Anxiety disorders are very common and can stem from any number of events or stresses in life.  Many people manage their anxiety effectively enough that most people would never know they have an anxiety disorder.  However, until you’ve found an anxiety disorder treatment option that works for you, anxiety may feel overwhelming and crippling.  Consider the following treatment options that help other people manage their anxiety disorders:

Medication + Psychotherapy

Has anxiety has reached the level of crippling your ability to work, sleep, eat, or perform necessary tasks for daily life?  If so, medication may help you regain control.  Research has shown that pairing medically recommended medication for anxiety treatment with psychotherapy can bring the most effective results and relief for anxiety disorders. (https://www.ncbi.nlm.nih.gov/pmc/articles/PMC3918025/)

EFT Tapping

If anxiety feels manageable on a day to day level, but occasionally catches you off guard and stops you from doing something when you least expect it, you may find relief with EFT Tapping techniques.  Recent studies have shown that EFT (Emotional Freedom Technique) Tapping of various acupressure points can provide relief of sudden onsets of anxiety symptoms or fearful emotions, often associated with PTSD or previous trauma. (https://www.ncbi.nlm.nih.gov/pmc/articles/PMC5499602/)  

Mindfulness Exercises

If anxiety is at a low level but creates distractions and a general worries in your daily life, you may find improvement with Mindfulness based therapies like meditation, nonjudgemental awareness, and breath-work informed by a professional practitioner who can identify the most beneficial practice for who you are and what you feel comfortable with. (https://www.ncbi.nlm.nih.gov/pmc/articles/PMC2848393/)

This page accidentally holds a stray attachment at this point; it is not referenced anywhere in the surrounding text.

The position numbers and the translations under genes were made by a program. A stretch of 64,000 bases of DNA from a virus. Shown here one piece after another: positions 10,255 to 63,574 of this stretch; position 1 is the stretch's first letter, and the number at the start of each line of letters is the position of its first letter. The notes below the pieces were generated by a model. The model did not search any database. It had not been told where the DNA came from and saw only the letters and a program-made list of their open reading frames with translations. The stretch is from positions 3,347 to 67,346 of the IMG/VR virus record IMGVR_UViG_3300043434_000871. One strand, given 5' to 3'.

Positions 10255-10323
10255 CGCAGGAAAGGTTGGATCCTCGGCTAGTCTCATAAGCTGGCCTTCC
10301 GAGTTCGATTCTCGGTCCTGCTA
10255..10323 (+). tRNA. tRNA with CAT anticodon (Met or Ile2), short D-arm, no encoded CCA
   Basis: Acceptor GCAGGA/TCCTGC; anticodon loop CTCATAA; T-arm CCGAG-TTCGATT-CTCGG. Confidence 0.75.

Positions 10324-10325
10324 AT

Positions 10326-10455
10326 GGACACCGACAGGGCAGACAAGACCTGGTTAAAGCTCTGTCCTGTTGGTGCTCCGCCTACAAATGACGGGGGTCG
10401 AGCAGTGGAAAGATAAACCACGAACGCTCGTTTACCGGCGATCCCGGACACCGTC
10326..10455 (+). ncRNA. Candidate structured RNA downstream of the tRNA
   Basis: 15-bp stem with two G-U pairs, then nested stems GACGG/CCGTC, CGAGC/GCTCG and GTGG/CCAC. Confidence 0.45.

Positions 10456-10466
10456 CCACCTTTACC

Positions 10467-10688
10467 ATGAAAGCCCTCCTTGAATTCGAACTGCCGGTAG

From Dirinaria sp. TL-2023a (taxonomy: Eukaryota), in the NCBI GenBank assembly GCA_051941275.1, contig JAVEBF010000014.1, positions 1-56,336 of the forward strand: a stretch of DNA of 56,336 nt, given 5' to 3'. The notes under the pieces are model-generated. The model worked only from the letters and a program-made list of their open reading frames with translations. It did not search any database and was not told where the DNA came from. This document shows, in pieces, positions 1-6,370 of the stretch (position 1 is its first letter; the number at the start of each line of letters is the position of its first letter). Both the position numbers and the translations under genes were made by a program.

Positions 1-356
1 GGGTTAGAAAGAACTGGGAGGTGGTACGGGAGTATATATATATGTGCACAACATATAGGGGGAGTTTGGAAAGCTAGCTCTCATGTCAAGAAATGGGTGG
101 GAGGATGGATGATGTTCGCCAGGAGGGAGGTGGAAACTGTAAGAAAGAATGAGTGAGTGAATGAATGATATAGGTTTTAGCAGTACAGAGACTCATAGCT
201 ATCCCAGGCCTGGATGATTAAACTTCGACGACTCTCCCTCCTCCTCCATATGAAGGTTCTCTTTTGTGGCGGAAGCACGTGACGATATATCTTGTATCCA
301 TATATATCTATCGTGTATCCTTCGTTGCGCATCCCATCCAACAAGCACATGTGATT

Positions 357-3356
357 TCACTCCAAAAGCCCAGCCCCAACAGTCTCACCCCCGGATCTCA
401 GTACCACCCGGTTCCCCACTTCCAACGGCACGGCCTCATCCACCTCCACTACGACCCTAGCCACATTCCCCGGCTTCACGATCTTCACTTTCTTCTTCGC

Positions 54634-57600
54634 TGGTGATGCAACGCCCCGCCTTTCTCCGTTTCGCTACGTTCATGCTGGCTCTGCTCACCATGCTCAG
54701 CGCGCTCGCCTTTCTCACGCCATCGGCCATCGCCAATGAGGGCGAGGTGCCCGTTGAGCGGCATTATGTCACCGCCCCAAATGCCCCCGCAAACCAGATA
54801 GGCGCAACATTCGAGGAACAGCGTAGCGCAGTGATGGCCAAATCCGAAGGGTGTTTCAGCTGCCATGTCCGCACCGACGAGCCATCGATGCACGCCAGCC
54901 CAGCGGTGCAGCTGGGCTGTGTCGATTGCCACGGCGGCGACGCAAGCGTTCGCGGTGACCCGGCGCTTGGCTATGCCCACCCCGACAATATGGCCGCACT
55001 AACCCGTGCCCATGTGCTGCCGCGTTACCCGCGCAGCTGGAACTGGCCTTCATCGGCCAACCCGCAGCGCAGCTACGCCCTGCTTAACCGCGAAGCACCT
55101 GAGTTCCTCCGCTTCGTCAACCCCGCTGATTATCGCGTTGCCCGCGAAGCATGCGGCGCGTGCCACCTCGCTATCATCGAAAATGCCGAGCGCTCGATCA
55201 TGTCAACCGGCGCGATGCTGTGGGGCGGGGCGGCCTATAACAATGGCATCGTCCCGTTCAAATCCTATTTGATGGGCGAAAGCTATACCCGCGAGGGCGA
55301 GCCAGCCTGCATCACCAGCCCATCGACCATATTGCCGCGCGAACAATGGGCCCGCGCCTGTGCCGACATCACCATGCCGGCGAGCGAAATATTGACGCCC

Weekly Individual or Group Therapy

Simply knowing that you have scheduled regular and recurring support into your week can help reduce generalized anxiety that stems from workplace issues, home life issues, relationship issues, or previous traumatic events in life.  Consider whether you feel most supported in a one-on-one therapeutic setting, or if you prefer being able to share and listen to other people in a group therapeutic setting.

Identifying Supportive Friends and Family

Sometimes anxiety can strain friend and family relationships when it is hidden.  Friends or family members may misinterpret signs and signals, taking them personally rather than responding empathetically.  By identifying a few close people you feel comfortable sharing your anxiety disorder with, you can create a safe place for yourself in social gatherings where you will feel understood.  When a friend or family member understands that you’re working on managing anxiety, they can help create a buffer in social situations and support you when you feel overwhelmed and need some time away.

If you’re unsure which strategy will work best for you, please don’t hesitate to set up an appointment with our professional psychotherapists who can help you sort through your options and figure out what to focus on based on how you experience anxiety in your daily life.